It’s high time to move on
For decades, the Republican party and Corporate America enjoyed a “help me and help yourself” relationship. But the ties showed visible signs of crack after the January 6th insurrection and devolved into a fracture after Georgia Governor Brian Kemp signed the controversial voting bill into law.
As the simmering tension between the Republicans and Corporate America edges closer to the point of no return, the US political landscape is staring hard into the precipice with no option but to reconstruct.
The alarm bells rang the loudest inside Corporate boardrooms when the pro-business, committed free trade, anti-regulation party embraced populism and protectionism under Donald Trump. Under a single presidential term, the GOP went from upholding global security to questioning the motivation to tighten internal security.
Though the party’s evolution as a severe threat to Broadway performers may lull some into thinking that Republicans broadsides against CEOs as performative rather than substantive, the Republicans have plenty of seasoned reasoning to continue their current direction.
Mitch McConnell transitioned from asking all Americans “to stand up and unite in defense of the freedom to organize around the causes we believe” in 2012 to warning corporations of “consequences” for political opinion in 2021.
McConnell may have backpedaled on his warning, but that has no bearing on his revisionist thought process. McConnell is not a hypocrite; he evolves faster than others because he understands political spending like no one else can.
Election spending in the United States more than doubled from $6 billion in 2016 to more than $14 billion in 2020. The staggering increase buried another startling fact, that large individual donations and political action committees, a code name for corporate spending, declined by 11.24%. But small-dollar donors covered for more than half the decline.
Large individual donations remain the single most influential factor in US political spending, but they are not as powerful as they were in 2016. Now layer on top of this, the GOP has already delivered the single most significant promise they made to Corporate America, Tax cuts. How much lower can you go from a 21% corporate tax rate — not a cent, with $27 trillion in debt and counting.
Republicans delivered a 14% windfall for corporate America, bringing together an unpackable pack of senators, and in return, corporations slam a bill that secures the future of Republican candidates. The furor is palpable. When the media cried ‘retaliation’ as Georgia lawmakers tried to kill the tax break offered to Delta Airlines, House leader David Ralston poured his heart out and said, “You don’t feed a dog that bites your hand. You got to keep that in mind sometimes.”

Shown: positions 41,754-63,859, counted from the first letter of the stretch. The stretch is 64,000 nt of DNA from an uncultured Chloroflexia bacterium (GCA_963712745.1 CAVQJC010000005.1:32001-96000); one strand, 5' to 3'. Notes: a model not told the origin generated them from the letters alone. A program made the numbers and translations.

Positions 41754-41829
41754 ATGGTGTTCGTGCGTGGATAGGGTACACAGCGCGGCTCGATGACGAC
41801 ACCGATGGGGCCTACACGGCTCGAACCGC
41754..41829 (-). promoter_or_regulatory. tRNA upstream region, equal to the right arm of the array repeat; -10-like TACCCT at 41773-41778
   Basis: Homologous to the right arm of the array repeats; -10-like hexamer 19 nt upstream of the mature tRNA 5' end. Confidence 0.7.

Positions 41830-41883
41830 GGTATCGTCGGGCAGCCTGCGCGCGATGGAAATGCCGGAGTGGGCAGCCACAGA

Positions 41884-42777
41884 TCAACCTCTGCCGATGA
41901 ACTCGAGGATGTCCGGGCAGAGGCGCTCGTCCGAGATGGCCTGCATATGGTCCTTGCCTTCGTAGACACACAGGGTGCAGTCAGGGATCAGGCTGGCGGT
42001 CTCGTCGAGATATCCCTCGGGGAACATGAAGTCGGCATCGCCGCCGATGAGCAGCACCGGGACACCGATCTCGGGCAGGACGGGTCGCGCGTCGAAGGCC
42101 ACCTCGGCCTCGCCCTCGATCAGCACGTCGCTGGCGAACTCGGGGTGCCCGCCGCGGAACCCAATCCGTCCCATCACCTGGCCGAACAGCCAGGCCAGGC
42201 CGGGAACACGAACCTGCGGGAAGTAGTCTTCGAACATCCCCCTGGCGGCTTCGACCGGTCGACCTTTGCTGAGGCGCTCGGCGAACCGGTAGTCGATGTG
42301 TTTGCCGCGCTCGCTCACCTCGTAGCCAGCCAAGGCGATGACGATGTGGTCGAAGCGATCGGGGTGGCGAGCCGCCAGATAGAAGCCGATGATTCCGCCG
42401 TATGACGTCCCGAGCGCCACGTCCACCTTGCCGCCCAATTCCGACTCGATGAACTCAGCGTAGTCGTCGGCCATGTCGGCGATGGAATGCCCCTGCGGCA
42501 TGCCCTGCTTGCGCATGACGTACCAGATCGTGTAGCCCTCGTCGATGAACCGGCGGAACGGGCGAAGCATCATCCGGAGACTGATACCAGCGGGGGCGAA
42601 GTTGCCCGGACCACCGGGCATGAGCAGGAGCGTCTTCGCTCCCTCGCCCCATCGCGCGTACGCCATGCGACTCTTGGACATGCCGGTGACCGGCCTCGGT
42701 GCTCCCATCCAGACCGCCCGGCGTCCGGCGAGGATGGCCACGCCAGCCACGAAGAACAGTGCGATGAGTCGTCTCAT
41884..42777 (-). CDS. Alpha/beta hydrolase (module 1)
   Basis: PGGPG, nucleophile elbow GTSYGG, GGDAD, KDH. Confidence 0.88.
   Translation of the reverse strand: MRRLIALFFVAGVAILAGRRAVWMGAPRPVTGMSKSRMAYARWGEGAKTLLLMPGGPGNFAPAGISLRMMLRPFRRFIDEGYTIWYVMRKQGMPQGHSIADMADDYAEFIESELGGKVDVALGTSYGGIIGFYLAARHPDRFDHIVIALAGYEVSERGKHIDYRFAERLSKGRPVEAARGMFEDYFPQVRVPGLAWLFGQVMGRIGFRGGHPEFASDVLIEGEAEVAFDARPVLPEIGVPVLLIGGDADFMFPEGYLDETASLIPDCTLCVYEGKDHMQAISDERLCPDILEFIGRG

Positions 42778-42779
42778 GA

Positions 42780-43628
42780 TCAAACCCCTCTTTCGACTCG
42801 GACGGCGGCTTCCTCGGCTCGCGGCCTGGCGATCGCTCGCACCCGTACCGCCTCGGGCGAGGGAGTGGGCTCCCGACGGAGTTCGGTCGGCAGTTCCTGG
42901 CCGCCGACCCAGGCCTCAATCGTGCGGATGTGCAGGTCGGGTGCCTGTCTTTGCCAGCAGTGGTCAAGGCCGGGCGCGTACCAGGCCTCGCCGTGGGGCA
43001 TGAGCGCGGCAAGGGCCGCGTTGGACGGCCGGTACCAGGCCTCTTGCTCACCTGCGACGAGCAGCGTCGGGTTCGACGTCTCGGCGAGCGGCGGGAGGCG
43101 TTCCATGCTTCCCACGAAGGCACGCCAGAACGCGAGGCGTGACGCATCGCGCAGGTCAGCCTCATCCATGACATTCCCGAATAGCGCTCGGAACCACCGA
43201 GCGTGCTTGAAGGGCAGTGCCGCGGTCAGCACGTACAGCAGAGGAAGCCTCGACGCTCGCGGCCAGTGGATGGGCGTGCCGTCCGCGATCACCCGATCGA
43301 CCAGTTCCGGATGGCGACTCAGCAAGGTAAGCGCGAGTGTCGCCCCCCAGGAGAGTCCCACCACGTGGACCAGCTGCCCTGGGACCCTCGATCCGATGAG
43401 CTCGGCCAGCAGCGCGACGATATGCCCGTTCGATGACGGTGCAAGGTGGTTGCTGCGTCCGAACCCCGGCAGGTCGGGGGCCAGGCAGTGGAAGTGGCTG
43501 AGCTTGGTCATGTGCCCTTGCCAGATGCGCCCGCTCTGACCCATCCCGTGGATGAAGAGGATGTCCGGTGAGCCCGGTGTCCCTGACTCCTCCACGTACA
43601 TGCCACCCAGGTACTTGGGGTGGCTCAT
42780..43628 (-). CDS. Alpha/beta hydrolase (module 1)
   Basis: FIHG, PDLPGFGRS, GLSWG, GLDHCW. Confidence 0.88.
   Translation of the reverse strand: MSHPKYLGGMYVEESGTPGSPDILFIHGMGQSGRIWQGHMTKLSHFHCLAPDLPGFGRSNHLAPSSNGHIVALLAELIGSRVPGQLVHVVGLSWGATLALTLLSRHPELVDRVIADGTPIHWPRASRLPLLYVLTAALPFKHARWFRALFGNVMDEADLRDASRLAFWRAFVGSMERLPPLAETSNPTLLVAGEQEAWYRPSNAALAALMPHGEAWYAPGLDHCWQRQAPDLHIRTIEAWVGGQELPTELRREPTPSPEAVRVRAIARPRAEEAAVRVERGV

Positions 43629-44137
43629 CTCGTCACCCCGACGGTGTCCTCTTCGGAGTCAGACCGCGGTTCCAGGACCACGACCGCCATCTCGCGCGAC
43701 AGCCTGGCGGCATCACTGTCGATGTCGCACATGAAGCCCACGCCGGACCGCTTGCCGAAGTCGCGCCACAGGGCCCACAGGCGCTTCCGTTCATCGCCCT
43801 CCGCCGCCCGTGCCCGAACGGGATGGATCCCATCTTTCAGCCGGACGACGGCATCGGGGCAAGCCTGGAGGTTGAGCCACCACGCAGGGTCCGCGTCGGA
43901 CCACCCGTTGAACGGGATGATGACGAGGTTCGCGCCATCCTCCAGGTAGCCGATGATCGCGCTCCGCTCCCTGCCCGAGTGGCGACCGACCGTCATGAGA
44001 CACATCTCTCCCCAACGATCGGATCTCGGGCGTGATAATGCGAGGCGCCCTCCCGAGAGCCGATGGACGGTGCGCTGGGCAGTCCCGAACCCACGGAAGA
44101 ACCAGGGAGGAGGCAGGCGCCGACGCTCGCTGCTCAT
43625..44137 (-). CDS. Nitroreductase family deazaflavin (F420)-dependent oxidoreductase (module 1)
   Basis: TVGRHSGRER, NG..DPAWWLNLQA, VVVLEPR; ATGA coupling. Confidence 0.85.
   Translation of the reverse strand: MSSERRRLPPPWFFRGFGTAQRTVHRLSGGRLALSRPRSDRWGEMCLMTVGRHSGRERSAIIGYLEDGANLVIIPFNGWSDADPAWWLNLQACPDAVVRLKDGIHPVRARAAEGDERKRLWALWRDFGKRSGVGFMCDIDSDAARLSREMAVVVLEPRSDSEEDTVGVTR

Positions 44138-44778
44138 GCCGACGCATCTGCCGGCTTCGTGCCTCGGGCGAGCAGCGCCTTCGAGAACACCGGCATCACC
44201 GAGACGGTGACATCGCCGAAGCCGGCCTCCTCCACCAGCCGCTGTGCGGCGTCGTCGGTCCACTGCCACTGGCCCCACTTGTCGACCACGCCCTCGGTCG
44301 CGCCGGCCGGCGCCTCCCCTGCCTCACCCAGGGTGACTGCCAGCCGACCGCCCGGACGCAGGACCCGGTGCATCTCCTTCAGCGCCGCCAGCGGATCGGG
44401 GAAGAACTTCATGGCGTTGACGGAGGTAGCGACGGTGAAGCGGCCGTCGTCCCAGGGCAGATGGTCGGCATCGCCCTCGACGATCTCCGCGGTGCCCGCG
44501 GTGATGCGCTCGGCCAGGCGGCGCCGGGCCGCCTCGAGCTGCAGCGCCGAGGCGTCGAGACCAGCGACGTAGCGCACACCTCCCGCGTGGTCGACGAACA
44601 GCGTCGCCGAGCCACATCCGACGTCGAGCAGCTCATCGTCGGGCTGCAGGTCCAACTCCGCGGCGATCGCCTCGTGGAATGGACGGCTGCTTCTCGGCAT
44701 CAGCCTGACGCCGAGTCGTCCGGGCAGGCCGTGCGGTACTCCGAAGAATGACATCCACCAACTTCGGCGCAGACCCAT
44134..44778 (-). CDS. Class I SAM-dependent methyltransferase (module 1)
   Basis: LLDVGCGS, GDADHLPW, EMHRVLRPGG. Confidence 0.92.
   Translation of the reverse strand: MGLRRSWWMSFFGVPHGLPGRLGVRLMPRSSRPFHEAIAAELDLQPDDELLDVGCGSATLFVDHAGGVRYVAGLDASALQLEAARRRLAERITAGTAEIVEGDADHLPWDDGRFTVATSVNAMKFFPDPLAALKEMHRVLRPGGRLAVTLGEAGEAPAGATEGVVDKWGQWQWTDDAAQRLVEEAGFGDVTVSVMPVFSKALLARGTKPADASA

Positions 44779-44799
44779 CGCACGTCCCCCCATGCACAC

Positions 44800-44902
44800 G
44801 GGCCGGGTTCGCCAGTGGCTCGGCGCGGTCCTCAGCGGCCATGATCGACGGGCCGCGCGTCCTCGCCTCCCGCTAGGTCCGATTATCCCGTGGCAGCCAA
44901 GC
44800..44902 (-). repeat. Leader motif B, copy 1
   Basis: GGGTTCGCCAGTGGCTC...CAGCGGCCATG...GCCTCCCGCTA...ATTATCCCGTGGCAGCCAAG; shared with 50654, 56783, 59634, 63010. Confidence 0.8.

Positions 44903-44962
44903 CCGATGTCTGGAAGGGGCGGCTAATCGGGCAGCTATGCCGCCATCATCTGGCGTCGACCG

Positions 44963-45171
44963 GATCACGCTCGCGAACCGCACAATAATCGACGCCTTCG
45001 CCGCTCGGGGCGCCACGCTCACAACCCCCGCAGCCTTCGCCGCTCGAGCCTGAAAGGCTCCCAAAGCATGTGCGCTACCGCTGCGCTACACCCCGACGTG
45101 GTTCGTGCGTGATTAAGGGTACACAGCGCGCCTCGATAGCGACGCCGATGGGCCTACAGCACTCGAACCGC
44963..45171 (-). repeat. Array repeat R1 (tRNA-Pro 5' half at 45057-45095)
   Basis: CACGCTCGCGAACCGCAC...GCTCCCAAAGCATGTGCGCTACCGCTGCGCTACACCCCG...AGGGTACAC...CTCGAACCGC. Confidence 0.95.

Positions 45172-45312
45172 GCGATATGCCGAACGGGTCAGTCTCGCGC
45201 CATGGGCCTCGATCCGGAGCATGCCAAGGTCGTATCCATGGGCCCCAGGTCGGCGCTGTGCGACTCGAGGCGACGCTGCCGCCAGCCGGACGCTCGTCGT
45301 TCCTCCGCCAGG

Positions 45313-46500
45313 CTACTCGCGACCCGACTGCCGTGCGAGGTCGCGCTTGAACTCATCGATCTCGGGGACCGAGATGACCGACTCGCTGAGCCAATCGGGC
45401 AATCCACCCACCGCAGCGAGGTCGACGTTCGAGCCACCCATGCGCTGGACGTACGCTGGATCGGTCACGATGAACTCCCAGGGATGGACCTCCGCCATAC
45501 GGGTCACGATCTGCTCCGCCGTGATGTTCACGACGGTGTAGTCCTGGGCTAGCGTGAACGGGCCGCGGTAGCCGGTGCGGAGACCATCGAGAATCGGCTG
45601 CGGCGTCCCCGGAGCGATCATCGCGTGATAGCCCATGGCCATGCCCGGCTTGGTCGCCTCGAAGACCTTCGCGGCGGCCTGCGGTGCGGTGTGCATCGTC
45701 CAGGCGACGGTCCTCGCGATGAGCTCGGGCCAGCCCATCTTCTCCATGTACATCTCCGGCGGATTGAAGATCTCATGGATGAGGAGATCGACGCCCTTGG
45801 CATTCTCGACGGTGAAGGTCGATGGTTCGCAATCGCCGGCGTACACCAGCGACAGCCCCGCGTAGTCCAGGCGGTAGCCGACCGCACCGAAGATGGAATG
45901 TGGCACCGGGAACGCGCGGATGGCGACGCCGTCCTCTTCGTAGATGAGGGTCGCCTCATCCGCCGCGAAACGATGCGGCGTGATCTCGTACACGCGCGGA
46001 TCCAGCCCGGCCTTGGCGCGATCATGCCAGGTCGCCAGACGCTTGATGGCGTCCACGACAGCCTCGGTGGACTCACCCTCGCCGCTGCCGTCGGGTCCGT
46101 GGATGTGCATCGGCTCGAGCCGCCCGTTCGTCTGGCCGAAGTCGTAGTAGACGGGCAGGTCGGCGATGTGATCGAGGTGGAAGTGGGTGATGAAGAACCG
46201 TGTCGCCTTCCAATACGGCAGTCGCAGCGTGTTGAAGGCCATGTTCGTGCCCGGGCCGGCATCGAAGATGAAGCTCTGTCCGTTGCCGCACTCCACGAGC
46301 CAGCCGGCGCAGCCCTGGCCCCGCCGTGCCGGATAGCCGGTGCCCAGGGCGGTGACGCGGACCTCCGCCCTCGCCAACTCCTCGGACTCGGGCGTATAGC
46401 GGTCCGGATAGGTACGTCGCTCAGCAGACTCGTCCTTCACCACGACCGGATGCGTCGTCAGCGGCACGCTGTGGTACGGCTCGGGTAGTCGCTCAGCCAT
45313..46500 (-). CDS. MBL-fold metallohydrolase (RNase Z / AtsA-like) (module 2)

Corporate America turned its backs on the GOP after the party poured its heart and soul towards their welfare. Nothing matters more than an election win for the GOP, and nothing matters more than bottom-line profits for corporations.
As America steams towards a multi-ethnic majority society, GOP’s vision to win by turning out minority vote and stripping out majority vote does not align with the corporate priority to win as many customers as possible. White children are now a minority of Americans under the age of 17.
After delivering the tax cuts, the Republican party has nothing to offer to corporate America. And the GOP is not as dependent on corporate America as it once was.
Small-dollar donations fueled Donald Trump’s billion-dollar 2020 campaign. Georgia Rep. Marjorie Taylor Greene was kicked out of congressional committees for her incendiary remarks but raised $3.2 million in the first quarter. Josh Hawley and his raised fist may have left a bad after taste for many corporations that supported him in the past, which did nothing to reduce the $1.5 million Hawley raised from 28,000 donors in just the first two months of this year.
Corporate America wants to protect the bottom line by staying with the majority, while the GOP wants to protect its future by fighting for the future minority. Neither partner is dependent on the other to move forward.
And a divorce due to irreconcilable differences seems inevitable.